The Philippines emerged as the ‘fastest growing app market’ in Southeast Asia as of 2017, as reported by global trade body Mobile Ecosystem Forum (Galvez, 2018). With the number of mobile phone connections exceeding the total population as of 2020 (We are Social and Hootsuite, 2020), an increasing number of activities and transactions are done through mobile applications or ‘apps’. Moreover, the Philippine market ‘can be a gold mine for app developers’ because of ‘high install growth (driven by low cost devices and cheap data plans)’ and the fact that ‘app localization is almost unnecessary’ as a significant part of the population speaks English and 40 percent of mobile internet users prefer it over the national language Filipino, according to global mobile advertising company Applift (2015).
However, although it was predicted that the app market will grow 2019 onwards, ‘expansion in value will be limited by the very slow connection speeds the current 4G network can achieve’ (p.7), according to an industry profile released by MarketLine (2017), an international publisher of business and industry information.
When it comes to using networked services through mobile phones, Filipinos spend most of their time on social media, followed by mobile messenger, entertainment and video apps, games, and shopping apps, according a 2020 report by advertising Agency We Are Social and social media management platform company Hootsuite. There is no recent empirical data on the demographics of mobile app users and which particular apps are used by which group. The available data shows that the younger population use the internet most heavily, although it does not specify whether the access is through mobile apps, desktop apps, or browser (see We are Social and Hootsuite, 2020). However, data shows that majority of the Filipinos access the internet through their smartphones (We are Social and Hootsuite, 2020).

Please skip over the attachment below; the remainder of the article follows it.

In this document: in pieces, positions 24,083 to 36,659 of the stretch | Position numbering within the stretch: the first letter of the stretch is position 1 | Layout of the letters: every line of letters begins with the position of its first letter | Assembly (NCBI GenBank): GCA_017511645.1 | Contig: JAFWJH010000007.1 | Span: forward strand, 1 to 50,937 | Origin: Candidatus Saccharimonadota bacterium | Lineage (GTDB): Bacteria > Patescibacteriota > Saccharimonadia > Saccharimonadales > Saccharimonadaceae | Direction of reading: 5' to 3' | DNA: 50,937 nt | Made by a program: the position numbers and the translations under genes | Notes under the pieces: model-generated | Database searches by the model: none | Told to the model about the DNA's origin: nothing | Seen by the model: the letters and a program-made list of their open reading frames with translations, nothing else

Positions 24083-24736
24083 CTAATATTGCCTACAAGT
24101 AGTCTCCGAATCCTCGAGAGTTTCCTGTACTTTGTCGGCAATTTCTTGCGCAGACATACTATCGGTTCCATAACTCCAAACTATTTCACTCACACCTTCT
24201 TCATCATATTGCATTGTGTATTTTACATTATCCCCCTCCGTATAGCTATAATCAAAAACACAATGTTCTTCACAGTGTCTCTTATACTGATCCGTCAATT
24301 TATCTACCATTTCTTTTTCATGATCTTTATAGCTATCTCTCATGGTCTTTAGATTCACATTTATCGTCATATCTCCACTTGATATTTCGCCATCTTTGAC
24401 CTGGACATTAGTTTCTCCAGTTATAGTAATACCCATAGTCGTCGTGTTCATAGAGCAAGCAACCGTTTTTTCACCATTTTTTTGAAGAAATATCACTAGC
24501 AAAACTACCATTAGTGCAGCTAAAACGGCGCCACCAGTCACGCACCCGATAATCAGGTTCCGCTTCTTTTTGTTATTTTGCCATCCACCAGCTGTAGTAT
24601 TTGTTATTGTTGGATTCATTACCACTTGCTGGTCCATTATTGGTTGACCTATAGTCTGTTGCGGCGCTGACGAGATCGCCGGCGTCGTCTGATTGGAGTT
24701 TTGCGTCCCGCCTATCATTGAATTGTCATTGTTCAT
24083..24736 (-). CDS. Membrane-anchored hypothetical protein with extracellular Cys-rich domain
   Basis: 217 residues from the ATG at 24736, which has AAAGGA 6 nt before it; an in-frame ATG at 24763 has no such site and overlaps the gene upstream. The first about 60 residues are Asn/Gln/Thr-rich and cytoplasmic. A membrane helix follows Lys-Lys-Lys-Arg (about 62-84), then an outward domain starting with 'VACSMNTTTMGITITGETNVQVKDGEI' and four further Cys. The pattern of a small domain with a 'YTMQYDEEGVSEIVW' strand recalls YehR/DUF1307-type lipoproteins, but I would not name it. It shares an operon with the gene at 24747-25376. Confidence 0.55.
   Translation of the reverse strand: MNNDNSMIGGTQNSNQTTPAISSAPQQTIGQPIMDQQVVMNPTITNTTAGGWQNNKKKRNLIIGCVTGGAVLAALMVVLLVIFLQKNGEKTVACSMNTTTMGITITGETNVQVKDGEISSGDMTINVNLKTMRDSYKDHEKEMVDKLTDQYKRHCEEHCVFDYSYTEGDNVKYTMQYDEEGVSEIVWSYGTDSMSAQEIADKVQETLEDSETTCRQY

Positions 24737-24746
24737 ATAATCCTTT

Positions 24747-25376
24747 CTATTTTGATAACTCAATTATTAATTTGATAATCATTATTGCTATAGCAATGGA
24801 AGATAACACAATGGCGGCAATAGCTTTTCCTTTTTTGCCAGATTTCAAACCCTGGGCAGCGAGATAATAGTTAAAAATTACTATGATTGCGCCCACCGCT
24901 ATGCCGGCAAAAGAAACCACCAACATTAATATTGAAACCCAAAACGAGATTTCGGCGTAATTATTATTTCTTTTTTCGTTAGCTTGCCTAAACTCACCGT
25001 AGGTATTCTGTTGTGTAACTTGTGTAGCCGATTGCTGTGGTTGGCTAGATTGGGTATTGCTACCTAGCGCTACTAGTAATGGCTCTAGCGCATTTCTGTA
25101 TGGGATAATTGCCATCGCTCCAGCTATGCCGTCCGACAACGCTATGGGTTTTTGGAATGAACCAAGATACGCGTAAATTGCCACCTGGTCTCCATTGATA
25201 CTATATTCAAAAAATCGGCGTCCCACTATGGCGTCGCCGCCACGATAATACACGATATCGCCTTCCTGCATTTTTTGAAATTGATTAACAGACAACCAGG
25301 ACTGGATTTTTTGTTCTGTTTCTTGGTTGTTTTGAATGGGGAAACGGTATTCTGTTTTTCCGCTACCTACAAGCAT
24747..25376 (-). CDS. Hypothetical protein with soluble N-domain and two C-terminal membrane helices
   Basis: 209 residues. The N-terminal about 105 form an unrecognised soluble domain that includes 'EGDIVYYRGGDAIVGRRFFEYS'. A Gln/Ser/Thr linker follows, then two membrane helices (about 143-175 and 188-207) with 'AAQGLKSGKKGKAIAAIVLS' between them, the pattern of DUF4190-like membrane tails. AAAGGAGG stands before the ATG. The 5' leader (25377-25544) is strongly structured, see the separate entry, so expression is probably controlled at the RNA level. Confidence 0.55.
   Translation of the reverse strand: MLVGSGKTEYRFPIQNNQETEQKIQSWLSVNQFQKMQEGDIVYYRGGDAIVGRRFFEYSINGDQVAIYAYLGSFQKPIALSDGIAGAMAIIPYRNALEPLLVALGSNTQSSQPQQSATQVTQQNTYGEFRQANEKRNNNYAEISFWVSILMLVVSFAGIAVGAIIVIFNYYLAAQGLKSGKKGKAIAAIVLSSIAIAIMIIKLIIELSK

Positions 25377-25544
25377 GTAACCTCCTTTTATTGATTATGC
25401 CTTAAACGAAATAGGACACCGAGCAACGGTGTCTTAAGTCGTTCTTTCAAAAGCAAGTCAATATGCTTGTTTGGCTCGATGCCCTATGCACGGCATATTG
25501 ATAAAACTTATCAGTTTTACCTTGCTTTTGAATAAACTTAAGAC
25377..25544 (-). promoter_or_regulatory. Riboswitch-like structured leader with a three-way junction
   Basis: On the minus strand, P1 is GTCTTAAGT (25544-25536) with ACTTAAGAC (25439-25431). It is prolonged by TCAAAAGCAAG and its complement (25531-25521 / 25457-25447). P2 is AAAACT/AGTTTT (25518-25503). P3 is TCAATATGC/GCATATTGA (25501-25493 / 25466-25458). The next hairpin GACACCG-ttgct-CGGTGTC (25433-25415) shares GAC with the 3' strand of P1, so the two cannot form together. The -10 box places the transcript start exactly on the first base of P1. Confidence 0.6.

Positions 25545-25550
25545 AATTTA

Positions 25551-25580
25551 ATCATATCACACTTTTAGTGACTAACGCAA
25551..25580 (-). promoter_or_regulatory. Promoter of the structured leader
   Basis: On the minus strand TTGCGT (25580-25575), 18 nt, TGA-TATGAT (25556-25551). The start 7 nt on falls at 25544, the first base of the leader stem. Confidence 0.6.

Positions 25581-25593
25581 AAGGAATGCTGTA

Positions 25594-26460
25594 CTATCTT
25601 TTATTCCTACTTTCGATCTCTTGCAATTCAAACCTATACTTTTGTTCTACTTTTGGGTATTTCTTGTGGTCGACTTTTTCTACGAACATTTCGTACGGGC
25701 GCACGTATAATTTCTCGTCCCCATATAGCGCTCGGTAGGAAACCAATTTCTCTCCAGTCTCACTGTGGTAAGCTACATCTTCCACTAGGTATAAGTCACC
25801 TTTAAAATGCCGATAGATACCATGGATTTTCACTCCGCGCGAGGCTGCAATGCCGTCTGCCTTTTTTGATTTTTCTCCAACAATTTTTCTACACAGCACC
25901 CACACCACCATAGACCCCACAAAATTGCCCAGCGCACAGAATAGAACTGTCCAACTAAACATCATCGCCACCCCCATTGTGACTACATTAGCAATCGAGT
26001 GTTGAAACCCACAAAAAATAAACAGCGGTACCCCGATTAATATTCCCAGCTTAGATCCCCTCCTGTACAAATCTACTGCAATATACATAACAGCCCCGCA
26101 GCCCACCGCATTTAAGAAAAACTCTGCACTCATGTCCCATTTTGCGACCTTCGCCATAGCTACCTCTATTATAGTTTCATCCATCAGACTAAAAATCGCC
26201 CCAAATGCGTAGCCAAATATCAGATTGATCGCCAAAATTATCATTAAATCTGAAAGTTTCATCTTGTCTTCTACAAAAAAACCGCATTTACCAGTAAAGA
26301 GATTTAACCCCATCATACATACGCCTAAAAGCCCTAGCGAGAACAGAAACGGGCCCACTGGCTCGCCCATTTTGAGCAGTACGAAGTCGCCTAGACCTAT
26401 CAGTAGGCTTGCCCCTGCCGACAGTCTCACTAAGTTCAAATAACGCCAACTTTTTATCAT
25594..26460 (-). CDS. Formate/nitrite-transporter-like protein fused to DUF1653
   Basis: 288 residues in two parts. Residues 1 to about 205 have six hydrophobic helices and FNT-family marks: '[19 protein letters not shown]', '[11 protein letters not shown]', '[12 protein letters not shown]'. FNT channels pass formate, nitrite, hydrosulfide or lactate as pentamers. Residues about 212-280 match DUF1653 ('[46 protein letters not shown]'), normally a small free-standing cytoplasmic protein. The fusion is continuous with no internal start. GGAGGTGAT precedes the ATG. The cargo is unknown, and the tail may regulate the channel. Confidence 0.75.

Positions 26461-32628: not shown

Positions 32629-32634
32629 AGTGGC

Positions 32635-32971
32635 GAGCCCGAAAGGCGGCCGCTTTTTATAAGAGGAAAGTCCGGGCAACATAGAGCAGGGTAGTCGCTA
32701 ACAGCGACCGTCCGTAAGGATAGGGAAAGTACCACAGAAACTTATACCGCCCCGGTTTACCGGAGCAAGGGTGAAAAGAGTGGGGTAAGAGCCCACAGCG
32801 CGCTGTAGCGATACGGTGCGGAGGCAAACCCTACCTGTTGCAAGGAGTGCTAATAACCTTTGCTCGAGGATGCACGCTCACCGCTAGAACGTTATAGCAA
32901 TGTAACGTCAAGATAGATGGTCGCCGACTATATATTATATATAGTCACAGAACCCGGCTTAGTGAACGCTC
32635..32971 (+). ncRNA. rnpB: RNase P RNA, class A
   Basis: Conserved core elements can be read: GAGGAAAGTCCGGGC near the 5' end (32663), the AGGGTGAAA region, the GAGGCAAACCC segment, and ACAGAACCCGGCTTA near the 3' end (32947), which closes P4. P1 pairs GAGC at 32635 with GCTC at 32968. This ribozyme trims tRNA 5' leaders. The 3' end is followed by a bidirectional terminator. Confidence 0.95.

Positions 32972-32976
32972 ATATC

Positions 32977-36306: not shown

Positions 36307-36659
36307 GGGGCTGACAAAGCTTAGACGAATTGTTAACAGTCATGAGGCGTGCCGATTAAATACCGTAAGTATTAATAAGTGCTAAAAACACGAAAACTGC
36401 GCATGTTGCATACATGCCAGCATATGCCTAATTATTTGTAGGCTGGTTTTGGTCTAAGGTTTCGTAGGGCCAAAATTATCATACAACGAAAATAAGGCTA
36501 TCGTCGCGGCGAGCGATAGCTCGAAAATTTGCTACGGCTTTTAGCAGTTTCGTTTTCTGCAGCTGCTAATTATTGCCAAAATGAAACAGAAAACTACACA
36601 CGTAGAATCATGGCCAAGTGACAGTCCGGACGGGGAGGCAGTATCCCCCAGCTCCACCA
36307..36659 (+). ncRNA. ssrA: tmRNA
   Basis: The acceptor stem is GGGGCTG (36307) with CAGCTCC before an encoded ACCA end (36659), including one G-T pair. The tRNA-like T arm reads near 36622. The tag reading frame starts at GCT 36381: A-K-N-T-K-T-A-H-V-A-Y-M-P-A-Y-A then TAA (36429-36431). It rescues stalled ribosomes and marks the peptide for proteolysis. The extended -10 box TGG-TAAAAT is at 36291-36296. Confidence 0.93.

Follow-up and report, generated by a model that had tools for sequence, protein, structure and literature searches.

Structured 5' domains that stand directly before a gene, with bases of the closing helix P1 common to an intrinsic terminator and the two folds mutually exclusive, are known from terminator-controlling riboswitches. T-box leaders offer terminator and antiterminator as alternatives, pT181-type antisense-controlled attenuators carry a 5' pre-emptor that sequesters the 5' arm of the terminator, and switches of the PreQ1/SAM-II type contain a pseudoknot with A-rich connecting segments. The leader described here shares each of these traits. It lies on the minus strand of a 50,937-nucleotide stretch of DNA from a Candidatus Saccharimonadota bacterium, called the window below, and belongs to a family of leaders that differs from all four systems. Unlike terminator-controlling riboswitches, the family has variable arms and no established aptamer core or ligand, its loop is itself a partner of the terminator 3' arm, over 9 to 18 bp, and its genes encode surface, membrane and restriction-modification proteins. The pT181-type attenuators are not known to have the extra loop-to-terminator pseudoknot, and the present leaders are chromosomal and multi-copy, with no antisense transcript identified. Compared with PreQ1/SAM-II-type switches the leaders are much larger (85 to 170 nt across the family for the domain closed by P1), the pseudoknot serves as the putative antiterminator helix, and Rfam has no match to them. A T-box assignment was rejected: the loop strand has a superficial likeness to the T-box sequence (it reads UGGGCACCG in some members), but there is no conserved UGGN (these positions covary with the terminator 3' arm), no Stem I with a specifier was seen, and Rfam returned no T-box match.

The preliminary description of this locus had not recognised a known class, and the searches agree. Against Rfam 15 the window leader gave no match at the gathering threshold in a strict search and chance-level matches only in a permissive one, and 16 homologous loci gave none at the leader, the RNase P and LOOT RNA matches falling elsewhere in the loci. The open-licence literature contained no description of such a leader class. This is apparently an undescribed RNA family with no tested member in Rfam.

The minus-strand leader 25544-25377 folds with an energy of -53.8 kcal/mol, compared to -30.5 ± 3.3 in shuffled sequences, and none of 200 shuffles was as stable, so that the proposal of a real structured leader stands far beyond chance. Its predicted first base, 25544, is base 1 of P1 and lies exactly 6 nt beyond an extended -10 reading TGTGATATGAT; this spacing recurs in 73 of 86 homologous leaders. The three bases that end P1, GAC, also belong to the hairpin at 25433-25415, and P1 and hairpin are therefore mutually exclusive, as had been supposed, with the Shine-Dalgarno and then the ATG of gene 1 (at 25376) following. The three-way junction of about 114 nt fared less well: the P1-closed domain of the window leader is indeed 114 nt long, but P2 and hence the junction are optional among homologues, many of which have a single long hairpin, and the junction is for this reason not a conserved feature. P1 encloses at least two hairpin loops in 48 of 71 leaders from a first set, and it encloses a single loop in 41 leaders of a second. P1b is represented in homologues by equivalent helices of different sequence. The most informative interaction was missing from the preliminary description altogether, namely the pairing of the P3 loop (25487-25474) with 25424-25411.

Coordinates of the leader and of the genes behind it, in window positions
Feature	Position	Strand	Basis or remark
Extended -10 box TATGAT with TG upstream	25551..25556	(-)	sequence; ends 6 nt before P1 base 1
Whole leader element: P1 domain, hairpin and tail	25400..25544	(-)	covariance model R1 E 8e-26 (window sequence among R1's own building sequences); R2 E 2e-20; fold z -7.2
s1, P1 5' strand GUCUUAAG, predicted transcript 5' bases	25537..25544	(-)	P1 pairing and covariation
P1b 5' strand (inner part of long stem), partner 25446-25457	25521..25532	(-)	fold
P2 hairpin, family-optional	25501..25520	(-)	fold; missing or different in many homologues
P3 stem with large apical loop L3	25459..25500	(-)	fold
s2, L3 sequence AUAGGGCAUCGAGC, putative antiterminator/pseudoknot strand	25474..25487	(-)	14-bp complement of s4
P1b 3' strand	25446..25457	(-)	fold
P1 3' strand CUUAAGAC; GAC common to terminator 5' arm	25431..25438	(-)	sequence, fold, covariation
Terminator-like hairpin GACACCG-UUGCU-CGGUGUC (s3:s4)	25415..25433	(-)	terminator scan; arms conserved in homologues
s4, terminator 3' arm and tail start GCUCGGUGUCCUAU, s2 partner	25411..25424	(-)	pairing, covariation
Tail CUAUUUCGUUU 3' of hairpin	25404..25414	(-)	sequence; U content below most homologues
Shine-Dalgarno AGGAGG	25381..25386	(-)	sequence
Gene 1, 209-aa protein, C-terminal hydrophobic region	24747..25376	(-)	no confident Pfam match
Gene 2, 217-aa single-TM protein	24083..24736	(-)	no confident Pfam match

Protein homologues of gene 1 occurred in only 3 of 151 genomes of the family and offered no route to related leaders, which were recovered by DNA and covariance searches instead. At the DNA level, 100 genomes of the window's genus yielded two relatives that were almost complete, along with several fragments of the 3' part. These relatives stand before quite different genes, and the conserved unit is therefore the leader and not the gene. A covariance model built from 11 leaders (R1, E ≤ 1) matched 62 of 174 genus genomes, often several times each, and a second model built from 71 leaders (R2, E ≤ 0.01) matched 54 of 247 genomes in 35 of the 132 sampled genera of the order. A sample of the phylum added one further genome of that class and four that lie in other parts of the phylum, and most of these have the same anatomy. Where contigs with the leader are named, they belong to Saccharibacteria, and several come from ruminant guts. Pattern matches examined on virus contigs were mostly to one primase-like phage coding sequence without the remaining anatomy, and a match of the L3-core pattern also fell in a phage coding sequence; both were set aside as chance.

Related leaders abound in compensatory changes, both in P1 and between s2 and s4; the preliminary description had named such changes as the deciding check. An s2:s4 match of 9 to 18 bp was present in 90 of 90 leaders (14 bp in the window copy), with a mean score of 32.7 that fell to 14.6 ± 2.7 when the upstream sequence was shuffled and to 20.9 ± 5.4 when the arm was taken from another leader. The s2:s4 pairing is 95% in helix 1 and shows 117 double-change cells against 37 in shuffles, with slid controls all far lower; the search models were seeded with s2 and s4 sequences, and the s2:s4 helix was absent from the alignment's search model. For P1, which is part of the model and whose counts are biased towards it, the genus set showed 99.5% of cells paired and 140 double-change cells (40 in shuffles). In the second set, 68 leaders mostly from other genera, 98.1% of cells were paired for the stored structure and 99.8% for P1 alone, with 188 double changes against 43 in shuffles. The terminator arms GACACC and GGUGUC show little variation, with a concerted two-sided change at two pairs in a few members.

According to a 2018 survey, the highest amount of internet usage was observed among Filipinos in the 18 to 24 age bracket (81 percent), followed by the 25 to 34 bracket (65 percent) (Flores, 2018). More recent data shows that Filipinos aged 18 to 29 are far likely to own a smartphone and use the internet at least ocassionally compared to those in the 50 plus crowd (Schumacher and Kent, 2020). From these figures, one can assume that mobile app users are mostly the younger Filipinos – or the digital natives, so to speak.
By economic strata, the ‘emerging affluent’ tend to use apps for a variety of services, such as booking transportation, more than the other socio-economic categories, based on the data from the Visa Consumer payment Attitudes survey in 2016. About 70 percent of the ‘emerging affluent’ in the sample use apps to avail of services, higher than the average 6 out of 10 for all strata.
The app ecosystem in the Philippines is diverse: Filipinos use apps for social networking, banking, movie and series streaming, deliveries, music download and streaming, transportation, mobile money, and even healthcare. Although the Philippines has been ‘slow in adopting e-wallets’ (The Nerve, 2019), more and more Filipinos are now using mobile money services offered by the telecommunication giants PLDT, Inc. (Paymaya and Smart Money) and Globe Telecom, Inc (GCash), as well as financial services platform Coins.ph. From 2018 to 2019, the value of e-money transactions increased by 36 percent and is expected to climb further as contactless transactions are promoted amid the coronavirus crisis (Agcaoili, 2020). GCash reported a customer base of 20 million users as of 2019, while Paymaya has eight million based on the most recent available data published 2017 (Zoleta, 2019). Coins.ph, meanwhile, has five million users as of 2018 (The Nerve, 2019). With these figures, the number of people with e-wallet accounts accounts for 31 percent of the total population (The Nerve, 2019).